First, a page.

"North Dakota has “sunshine laws,” which make all government records and meetings open to the public unless a specific law authorizes a record to be withheld or a meeting to be closed.
These laws apply to all state and local government agencies, rural fire and ambulance districts, public schools, private businesses or non-profit organizations that are supported by or expending public funds, and contractors, if the contractor is providing services in place of a public entity rather than to that entity.
[...] Anyone has the right to attend meetings of a public entity or to access and obtain copies of the entity’s records, regardless of where they live." - ND Attorney General's Website
Anyone has the right to view or get a copy of public records, regardless of the reason or where they live. A request for public records can be made in any available medium. Generally, a public entity cannot ask why the records are requested, ask for identification, or require a request be made in writing (or in-person). However, a request must reasonably identify existing records. If a request is unclear, the entity may require written clarification but cannot ask the requester’s motive or identity. The entity can delay taking action until receiving written clarification.
The public entity must respond to a record request within a reasonable time, by either providing the record or explaining the legal authority for denying all or part of the request. What is “reasonable” depends on a number of factors, including the scope and type of records requested.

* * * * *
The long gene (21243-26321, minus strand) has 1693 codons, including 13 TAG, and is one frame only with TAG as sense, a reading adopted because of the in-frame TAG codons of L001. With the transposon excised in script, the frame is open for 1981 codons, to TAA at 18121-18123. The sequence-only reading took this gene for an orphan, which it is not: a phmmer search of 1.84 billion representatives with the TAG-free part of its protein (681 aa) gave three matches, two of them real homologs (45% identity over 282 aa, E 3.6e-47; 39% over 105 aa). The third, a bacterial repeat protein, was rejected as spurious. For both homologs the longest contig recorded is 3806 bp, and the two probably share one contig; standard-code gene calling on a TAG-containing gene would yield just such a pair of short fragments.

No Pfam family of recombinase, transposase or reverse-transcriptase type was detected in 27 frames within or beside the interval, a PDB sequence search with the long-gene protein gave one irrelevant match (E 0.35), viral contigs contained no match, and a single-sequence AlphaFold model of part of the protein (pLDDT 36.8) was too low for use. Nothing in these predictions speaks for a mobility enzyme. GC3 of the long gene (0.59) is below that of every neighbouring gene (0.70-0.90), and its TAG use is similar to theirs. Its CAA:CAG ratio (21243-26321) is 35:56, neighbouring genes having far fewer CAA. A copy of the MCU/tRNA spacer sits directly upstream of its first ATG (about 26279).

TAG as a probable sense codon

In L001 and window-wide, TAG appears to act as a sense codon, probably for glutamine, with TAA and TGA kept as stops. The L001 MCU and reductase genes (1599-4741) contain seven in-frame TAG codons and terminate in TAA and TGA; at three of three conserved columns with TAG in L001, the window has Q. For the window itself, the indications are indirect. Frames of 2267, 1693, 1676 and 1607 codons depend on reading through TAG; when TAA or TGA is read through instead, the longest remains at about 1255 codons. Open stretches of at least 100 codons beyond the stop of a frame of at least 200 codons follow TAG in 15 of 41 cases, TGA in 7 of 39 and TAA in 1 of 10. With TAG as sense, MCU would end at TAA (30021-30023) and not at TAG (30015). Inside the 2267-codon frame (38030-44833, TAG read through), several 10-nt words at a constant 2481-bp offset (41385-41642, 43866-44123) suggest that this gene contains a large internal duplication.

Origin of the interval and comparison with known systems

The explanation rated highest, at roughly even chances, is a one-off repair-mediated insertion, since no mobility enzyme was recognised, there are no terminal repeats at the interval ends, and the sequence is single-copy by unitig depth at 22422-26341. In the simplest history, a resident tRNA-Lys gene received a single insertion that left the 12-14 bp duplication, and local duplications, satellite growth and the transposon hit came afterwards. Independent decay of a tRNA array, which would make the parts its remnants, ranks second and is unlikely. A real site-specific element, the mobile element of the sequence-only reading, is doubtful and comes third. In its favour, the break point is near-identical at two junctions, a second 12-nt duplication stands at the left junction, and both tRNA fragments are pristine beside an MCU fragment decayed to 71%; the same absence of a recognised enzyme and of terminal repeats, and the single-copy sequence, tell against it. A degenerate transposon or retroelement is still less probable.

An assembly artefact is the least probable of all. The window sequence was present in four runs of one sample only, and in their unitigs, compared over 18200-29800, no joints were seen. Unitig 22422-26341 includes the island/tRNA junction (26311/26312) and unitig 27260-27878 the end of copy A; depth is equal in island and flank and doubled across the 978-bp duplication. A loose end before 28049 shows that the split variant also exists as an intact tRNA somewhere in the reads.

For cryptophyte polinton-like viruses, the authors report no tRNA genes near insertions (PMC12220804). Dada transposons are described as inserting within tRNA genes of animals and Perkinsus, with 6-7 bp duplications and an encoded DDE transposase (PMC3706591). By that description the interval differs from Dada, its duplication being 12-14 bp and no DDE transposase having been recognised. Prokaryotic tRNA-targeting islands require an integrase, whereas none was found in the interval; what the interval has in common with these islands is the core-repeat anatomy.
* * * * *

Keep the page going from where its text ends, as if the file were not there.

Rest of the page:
A public entity may only deny access to or a copy of a record for which there is a specific statute closing all or part of the information. A statute may declare certain records to be exempt or confidential.
If a record is exempt, a public entity has the discretion to release or withhold it. If a record is confidential, it either cannot be released or the confidential information within the record first must be redacted.
For more information on open records such as charging for services, denying a request, what records are exempt or confidential, and more, read the resources compiled and put forth by the Attorney General's office below:
There are 2 exceptions to open records laws made for libraries:
Any record maintained or received by a library receiving public funds, which provides a library patron's name or information sufficient to identify a patron together with the subject about which the patron requested information, is considered private and is excepted from the public records disclosure requirements of section 44-04-18. These records may be released when required pursuant to a court order or a subpoena.
A public library, archive, or museum may designate a donated record as an exempt record if the donor of the record requests as a condition of the donation that the record not be released to the public for a specific amount of time, which may not exceed twenty years beyond the death of the donor.